Ken Glass January 31, 2012 at 01:03 PM
In general, funds for teachers come from the state -- based on school population. The more students, the more funds (at a fixed fund/student rate). Money also comes from local maintenance and operations levies supported by the voters. However, with state budget cuts, the funds from the state (which represents the biggest chunk) have been stretched -- which normally would have resulted in fewer teachers for the same numbers of students -- so that's why the MI Schools Foundation has been holding "Bridge the Gap" events in the spring to help ensure we keep our great staff at the same levels.
Carrie George January 31, 2012 at 09:58 PM
As Ken described, funding for teachers and all operating costs go up or down based on the number of students, not the number of schools, so teaching costs wouldn't change dramatically based on new schools versus old. There has been a lot of conversation about building four new elementary schools instead of three, which would result in a net increase of about $450,000 in overhead costs each year. That would eat up all the money the Schools Foundation raises at Phone-a-Thon in the fall - and that makes no sense. The proposal the School Board put forward is the most cost effective way to address the overcrowding and out-of-date schools we have. As for green design, the 21st Century Facilities Planning Committee recommended inclusion of green features, and the School Board has signaled its interest in this. After the bond is passed, the process of developing specifications for each school, given its siting, will begin. There will be plenty of opportunities for public input about what features are important. The Board was careful not to budget for "gold-plated" schools, so underground parking will probably be excluded. But in terms of light and energy use and building materials and permeable surfaces, I believe that everything that can cost-effectively be green will be.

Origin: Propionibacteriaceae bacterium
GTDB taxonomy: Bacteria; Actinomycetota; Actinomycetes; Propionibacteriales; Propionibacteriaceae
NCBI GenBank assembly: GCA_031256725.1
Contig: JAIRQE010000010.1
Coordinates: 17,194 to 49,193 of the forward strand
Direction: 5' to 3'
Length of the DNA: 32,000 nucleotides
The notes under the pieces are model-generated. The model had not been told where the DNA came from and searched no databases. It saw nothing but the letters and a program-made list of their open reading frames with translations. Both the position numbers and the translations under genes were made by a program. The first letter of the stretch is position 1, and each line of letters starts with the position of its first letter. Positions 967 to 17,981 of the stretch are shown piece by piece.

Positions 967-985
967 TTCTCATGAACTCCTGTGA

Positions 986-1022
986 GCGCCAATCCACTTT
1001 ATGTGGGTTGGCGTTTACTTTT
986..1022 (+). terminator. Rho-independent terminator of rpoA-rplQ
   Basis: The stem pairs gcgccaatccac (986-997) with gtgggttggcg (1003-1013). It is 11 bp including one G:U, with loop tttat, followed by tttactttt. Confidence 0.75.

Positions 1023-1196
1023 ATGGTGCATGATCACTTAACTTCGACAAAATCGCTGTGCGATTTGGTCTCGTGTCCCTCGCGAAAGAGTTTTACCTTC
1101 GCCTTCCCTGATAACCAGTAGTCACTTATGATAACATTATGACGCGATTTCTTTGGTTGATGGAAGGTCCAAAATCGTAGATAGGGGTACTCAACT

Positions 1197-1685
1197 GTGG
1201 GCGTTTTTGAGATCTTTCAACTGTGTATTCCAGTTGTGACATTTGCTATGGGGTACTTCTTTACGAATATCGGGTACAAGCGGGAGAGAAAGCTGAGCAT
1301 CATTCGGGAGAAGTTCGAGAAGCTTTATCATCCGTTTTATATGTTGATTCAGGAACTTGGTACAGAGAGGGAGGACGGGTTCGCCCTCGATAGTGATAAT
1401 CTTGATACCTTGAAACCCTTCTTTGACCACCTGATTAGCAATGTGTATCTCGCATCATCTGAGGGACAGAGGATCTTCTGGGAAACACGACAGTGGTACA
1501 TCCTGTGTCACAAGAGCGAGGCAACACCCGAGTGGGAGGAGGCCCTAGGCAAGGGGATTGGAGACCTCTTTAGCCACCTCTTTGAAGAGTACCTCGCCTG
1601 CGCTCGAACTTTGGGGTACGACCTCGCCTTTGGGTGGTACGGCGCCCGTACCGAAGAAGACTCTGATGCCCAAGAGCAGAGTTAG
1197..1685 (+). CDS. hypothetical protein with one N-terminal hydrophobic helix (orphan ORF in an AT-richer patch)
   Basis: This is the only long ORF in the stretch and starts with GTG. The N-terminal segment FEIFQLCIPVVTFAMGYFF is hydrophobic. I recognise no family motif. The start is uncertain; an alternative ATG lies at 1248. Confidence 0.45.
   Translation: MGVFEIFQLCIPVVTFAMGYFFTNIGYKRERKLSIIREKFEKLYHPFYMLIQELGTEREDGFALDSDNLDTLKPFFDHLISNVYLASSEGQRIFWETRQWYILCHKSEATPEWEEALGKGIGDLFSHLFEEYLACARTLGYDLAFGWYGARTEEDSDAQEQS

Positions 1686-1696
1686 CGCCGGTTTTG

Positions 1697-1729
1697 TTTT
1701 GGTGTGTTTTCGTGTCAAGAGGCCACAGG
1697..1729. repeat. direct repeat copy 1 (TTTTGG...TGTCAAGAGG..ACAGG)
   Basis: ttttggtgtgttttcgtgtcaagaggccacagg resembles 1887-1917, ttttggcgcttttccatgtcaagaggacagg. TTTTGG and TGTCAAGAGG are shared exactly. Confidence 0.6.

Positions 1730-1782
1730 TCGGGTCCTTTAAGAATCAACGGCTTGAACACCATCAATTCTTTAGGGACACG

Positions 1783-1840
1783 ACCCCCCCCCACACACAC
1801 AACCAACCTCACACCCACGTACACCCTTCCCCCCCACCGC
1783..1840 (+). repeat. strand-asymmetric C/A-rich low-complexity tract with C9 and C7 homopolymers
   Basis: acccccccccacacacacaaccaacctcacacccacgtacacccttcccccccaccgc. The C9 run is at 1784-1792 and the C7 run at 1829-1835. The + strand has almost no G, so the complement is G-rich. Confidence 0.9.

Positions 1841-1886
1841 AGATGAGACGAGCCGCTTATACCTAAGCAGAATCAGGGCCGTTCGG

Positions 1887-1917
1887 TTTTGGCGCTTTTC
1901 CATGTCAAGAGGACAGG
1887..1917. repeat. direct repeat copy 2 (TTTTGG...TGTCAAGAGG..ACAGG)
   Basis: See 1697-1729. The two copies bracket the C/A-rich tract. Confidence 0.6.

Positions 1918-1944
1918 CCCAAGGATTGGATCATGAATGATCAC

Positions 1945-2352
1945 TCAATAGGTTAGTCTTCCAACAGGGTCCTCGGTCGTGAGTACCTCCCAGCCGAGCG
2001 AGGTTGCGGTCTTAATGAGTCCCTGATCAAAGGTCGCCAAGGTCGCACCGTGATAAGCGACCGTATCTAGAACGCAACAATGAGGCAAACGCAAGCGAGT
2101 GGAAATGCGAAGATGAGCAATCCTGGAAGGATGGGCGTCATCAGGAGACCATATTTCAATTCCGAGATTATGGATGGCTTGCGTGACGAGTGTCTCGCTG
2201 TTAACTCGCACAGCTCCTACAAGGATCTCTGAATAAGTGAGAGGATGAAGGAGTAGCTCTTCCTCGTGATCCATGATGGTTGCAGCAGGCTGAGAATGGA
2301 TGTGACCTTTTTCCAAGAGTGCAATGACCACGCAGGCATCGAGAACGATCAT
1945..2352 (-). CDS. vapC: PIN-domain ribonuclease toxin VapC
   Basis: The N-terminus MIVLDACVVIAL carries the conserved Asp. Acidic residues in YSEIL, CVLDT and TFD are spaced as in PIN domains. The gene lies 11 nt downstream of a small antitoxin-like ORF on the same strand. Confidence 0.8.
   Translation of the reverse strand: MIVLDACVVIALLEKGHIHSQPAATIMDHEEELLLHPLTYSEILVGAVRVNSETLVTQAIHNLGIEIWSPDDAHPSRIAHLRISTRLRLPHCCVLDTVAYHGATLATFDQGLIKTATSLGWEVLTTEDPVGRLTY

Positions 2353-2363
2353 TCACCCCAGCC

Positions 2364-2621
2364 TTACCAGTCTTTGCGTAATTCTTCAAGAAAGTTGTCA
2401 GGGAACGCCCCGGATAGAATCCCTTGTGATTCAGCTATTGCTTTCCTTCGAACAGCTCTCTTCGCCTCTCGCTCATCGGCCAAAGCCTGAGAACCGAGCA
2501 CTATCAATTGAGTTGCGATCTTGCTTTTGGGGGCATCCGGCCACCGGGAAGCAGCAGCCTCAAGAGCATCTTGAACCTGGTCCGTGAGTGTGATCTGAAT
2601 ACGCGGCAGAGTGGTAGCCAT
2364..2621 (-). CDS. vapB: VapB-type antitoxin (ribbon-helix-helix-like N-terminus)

Mark Eskridge January 31, 2012 at 11:30 PM
I think one important aspect to keep in mind with the overcrowding in the schools is not necessarily "just" the portables, but to take into account the common spaces that the schools have to work with. Take West Mercer for example, I have had my son on more than one occassion tell me that he just didn't have enough time to eat his lunch, why you ask, because they have to allocate 3 lunch shifts to accomodate the student population leaving each grade with less than 20 minutes for lunch before they are shuffled outside for recess. We have had some of the best schools in the region for the last 50 years and it is now our turn to ensure that we continue to have the best schools for the next 50 years!!!!